Amalgamated of Chicago, founded by the Amalgamated Clothing Workers of America in 1922, has always been known for its close union ties. But it has not been majority owned by unions for decades.
How Wrobel, 71, – for nearly 40 years a key lieutenant under Chairman and majority owner Eugene Heytow – acquired Heytow’s 57.5% stake on the cheap after his death in 2010 is a story told so far. only through documents. Wrobel did not respond to multiple requests for comment.
A untimely loan taken out by Heytow, secured by its shares in Amalgamated, appears to be the key to the deal. Heytow got the loan from JPMorgan Chase in 2007, according to a filing by Wrobel with the Federal Reserve when it acquired the shares in early 2013. When Heytow died in August 2010, the loan was still outstanding.
A trust created by Wrobel and separate trusts for the benefit of his wife, Debra Wrobel, along with their three children, paid $ 4.2 million to purchase the ticket held by Chase, according to the filing, obtained through a request in under the Freedom of Information Act. (A few other investors, including Wrobel’s brother-in-law, acquired a very small portion of Heytow’s stake.)
“Immediately after the intended purchase, the (Heytow) estate will cede and transfer 102,030 of the (Merged Investments) and the ticket will be canceled and deemed satisfied,” the file said.
At the time, Amalgamated Investments’ book value was around $ 40 million, according to financial reports submitted by the bank. That would have earned the Heytow Estate’s stake worth $ 23 million, at least in terms of equity on the bank’s balance sheet. Wrobel and the other investors acquired their shares at just 18% of the company’s book value, according to the filing.
Amalgamated has never been a high-income bank, but its stable client base in unions and city governments means it doesn’t take much risk either. With stable earnings, its book value had doubled to approximately $ 80 million as of June 30, 2021. Amalgamated of New York is paying 1.2 times that amount in cash for the acquisition.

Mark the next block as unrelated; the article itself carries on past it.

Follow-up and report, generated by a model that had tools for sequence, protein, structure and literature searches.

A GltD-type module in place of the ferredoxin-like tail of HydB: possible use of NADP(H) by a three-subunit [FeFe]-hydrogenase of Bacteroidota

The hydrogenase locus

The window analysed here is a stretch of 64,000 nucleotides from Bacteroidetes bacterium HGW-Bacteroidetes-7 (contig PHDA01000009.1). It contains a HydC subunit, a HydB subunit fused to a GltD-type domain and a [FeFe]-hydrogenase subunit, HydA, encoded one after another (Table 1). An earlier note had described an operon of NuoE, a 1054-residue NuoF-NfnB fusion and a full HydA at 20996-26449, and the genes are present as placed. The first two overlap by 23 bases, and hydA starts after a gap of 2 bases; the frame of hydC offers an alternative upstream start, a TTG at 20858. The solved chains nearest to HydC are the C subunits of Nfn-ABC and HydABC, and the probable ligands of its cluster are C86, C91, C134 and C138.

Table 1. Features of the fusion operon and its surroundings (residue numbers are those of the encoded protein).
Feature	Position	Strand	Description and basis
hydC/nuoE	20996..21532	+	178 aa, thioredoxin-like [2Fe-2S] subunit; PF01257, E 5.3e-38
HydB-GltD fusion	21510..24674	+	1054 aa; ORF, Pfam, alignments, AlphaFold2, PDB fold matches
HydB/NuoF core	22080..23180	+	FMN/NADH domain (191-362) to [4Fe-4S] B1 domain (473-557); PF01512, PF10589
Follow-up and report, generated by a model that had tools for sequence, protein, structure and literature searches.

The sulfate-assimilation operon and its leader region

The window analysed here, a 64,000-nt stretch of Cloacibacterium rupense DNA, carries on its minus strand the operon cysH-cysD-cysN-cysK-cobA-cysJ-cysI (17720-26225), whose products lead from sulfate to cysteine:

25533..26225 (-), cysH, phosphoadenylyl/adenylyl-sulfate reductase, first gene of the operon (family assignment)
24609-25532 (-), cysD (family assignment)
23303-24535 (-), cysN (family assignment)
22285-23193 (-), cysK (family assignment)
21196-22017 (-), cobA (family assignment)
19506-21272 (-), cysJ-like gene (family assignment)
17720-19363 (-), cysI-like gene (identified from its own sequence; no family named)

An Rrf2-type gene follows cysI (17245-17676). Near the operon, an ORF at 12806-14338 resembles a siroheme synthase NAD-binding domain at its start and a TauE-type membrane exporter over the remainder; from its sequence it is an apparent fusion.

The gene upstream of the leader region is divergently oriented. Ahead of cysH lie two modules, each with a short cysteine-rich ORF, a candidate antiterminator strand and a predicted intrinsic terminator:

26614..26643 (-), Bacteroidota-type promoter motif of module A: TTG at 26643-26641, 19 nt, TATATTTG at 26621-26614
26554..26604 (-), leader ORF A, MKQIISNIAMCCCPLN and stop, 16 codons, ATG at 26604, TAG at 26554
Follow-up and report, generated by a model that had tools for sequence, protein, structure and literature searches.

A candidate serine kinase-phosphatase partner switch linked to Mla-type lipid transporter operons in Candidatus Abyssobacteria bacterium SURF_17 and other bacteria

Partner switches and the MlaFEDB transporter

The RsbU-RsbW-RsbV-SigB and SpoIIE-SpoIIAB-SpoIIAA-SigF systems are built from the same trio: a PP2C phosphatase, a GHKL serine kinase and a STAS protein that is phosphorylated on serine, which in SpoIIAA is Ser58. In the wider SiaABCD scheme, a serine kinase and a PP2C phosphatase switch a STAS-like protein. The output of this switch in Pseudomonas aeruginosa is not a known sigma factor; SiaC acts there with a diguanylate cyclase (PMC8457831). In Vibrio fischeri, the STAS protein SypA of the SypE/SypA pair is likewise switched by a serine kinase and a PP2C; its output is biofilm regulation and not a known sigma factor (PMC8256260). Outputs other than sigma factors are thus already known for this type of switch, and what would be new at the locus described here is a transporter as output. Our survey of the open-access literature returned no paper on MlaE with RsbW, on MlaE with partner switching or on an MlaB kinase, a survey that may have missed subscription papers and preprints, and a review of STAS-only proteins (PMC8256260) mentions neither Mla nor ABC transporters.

The stock gain is not the only benefit Wrobel derives from the deal. He has a consulting agreement with Amalgamated of New York in which he will be paid $ 600,000 next year to help with the transition.
At the same time, there will be job losses at the Bank of Chicago to help close the deal. In a presentation to investors, the New York-based bank said it plans to cut overhead costs for the Bank of Chicago by 25%, more than half of which is from employee salaries. There were 167 employees in Chicago as of June 30.
Wrobel told the Chicago Sun-Times when the deal was announced on September 21, there would be job losses, but there would have been more if Amalgamated had merged with a local bank.
The Heytow family appear to be getting nothing from the sale. Eugene Heytow’s ex-wife Mitzi Heytow said in a brief interview that she was not aware of any money going to her family.
Wrobel himself was once part of the Heytow family, having married Eugene Heytow’s daughter. But the two divorced in the 1980s, and Heytow never held that against Wrobel, sources say. Wrobel succeeded Bill Daley, son of the late Mayor Richard J. Daley, as president of the merger in 1993. Daley ran the bank for three years, which allowed him to familiarize himself with the industry. He is currently vice president of public affairs at San Francisco-based banking giant Wells Fargo.
Heytow was also politically connected like any banker in Chicago in his heyday – friends not only with the Daleys, but also with former Republican Gov. Jim Thompson. In addition to Amalgamated, he was a significant investor in the parent company of Oak Brook Bank. The bank, run by a man married to Heytow’s niece, was sold to MB Financial in 2006 for $ 372 million and is now part of Cincinnati-based Fifth Third.
As for the union ownership of Amalgamated? Wrobel told the Sun-Times that the unions and the Chicago Federation of Labor together own about 15% of the bank. The unions were reclaimed in 2003, he told the newspaper. With a bank book value at the time of $ 67 million, these unions most likely paid over $ 4 million for participation.